The long-term objective of this career development award is to elucidate the neurobiology of Tourette Disorder (TD) by integrating genomics, transcriptomics, unique datasets, and novel analytic techniques. Dr. Fernandez is a practicing child psychiatrist at the Yale Child Study Center with a career goal to develop an independent research career as a psychiatric geneticist and advance our understanding of the molecular neurobiology of TD. He proposes to identify relevant risk genes, networks, and pathways that will clarify the genetic architecture of TD and point to potential molecular targets for improving treatments for this developmental neuropsychiatric disorder. Dr. Fernandez will accomplish these career and research objectives through a protected time period of research support, relevant course work, seminars, scientific meetings, and the combined guidance of his primary mentor, Matthew State, M.D., a leader in neuropsychiatric genetics, co- mentor Flora Vaccarino, M.D., a leader in developmental neurobiology, and collaborators (Drs. Nenad Sestan, Daniel Geschwind, and Bernie Devlin) who are experts in cortical development, gene network and pathway analysis, and statistical genetics, respectively.
The specific aims and methods proposed under this award are entirely consistent with Dr. Fernandez's career and research objectives: (1) Concurrent with his recently-completed residency training, Dr. Fernandez identified rare gene copy number variants (CNVs) in TD subjects which overlapped with those seen in autism spectrum disorders (ASD) and implicated molecular pathways involved in GABA and histamine neurotransmission.
The first aim i s to confirm these prior CNV pathway and ASD-overlap findings in a larger independent replication cohort of TD subjects, in collaboration with the Tourette Syndrome Association International Consortium for Genetics (TSAICG);(2) the second aim is to learn methods for analyzing sequence and structural variation in the exomes of TD versus control subjects in order to identify rare de novo and inherited variants in parent-child trios. This will allow us to test hypotheses regarding the allelic architecture of TD and provide high resolution data for (3) the third aim, integrating this sequence and structural data with a unique dataset of gene expression in the developing brain to identify co-expression networks via established and novel statistical approaches;(4) finally, we will use our findings above to inform and explore hypotheses in a unique dataset of gene expression and whole genome sequence in postmortem brain tissue from TD and control subjects. Based on his prior record of research productivity, the proposed research aims, educational plan, mentorship team, and extensive resources of the Yale Child Study Center and School of Medicine, Dr. Fernandez is well-positioned to accomplish his career goal of becoming an independent physician scientist and clarifying the molecular mechanisms of TD, which hold promise to inform novel therapeutics.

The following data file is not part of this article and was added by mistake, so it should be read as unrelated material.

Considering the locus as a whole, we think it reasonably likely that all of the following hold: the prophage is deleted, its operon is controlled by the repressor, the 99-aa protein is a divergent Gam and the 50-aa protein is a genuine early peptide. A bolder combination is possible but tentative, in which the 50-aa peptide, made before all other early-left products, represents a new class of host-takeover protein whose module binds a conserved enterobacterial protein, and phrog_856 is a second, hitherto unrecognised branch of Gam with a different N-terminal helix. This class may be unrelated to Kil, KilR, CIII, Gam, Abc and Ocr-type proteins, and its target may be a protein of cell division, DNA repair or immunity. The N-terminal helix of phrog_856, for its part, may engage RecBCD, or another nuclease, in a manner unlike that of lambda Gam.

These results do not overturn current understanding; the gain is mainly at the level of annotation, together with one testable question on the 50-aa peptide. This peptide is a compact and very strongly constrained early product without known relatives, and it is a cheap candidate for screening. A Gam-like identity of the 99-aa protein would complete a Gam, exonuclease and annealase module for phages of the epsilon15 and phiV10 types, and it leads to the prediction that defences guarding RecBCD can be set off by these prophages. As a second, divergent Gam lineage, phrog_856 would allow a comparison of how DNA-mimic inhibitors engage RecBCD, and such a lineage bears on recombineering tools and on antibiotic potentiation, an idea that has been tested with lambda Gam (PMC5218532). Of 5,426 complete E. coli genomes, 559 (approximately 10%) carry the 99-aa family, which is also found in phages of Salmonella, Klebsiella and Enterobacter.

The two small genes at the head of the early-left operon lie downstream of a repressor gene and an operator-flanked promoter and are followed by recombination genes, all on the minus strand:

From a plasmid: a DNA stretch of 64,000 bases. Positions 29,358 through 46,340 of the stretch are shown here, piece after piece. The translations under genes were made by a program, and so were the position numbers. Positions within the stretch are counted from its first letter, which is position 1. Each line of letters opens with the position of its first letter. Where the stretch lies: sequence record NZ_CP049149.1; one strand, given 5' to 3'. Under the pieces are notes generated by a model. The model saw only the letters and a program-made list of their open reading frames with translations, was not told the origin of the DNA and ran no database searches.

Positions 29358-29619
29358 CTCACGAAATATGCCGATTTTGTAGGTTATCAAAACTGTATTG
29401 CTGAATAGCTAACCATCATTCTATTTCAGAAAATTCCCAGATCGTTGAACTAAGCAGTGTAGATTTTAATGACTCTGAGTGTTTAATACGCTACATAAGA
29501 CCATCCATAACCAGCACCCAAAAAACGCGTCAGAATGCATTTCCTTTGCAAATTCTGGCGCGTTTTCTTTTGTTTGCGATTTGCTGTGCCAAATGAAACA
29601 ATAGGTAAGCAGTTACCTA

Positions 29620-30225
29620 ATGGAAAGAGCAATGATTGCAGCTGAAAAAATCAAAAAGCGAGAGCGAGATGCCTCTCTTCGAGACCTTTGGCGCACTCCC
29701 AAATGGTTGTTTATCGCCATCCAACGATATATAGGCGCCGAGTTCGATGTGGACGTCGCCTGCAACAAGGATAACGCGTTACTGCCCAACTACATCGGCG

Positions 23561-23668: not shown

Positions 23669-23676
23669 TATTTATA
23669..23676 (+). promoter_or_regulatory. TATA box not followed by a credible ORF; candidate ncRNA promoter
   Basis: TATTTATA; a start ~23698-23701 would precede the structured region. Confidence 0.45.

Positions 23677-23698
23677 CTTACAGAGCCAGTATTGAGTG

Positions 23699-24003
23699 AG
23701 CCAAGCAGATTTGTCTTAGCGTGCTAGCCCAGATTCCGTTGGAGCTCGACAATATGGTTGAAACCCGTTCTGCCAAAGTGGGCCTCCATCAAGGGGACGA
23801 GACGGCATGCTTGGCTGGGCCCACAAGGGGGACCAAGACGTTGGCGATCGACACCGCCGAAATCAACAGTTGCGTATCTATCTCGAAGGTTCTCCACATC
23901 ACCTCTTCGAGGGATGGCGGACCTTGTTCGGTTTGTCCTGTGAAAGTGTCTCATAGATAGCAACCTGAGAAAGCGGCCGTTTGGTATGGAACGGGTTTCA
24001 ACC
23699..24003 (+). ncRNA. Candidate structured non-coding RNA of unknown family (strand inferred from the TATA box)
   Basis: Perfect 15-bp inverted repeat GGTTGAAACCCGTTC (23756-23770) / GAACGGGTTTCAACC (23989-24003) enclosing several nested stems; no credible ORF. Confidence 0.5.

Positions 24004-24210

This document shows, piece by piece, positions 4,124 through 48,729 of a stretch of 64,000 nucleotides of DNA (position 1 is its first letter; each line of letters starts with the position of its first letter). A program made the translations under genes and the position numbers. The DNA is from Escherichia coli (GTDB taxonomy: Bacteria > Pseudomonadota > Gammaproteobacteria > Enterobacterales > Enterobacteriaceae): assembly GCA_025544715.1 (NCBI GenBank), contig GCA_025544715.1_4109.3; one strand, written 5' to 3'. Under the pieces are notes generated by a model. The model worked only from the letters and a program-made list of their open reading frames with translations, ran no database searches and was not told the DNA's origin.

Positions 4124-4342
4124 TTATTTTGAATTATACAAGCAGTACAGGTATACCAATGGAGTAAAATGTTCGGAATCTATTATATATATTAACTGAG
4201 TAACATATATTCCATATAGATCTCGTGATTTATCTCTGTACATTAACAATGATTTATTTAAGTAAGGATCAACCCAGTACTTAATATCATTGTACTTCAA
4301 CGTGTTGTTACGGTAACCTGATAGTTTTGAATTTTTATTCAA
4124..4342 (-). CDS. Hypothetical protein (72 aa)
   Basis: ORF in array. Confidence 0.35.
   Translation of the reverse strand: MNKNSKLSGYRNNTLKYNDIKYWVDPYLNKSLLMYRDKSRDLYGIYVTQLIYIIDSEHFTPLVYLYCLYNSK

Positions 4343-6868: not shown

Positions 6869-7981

This work will address important gaps in the knowledge base regarding genetic risk factors, developmental time course, and neurobiological basis of Tourette's disorder (TD). Results of this work will lead to the discovery of new molecular targets which can inform the development of novel therapeutic strategies for TD and related childhood developmental neuropsychiatric syndromes.
|Dietrich, Andrea; Fernandez, Thomas V; King, Robert A et al. (2015) The Tourette International Collaborative Genetics (TIC Genetics) study, finding the genes causing Tourette syndrome: objectives and methods. Eur Child Adolesc Psychiatry 24:141-51|
|McGrath, Lauren M; Yu, Dongmei; Marshall, Christian et al. (2014) Copy number variation in obsessive-compulsive disorder and tourette syndrome: a cross-disorder study. J Am Acad Child Adolesc Psychiatry 53:910-9|
|Pauls, David L; Fernandez, Thomas V; Mathews, Carol A et al. (2014) The Inheritance of Tourette Disorder: A review. J Obsessive Compuls Relat Disord 3:380-385|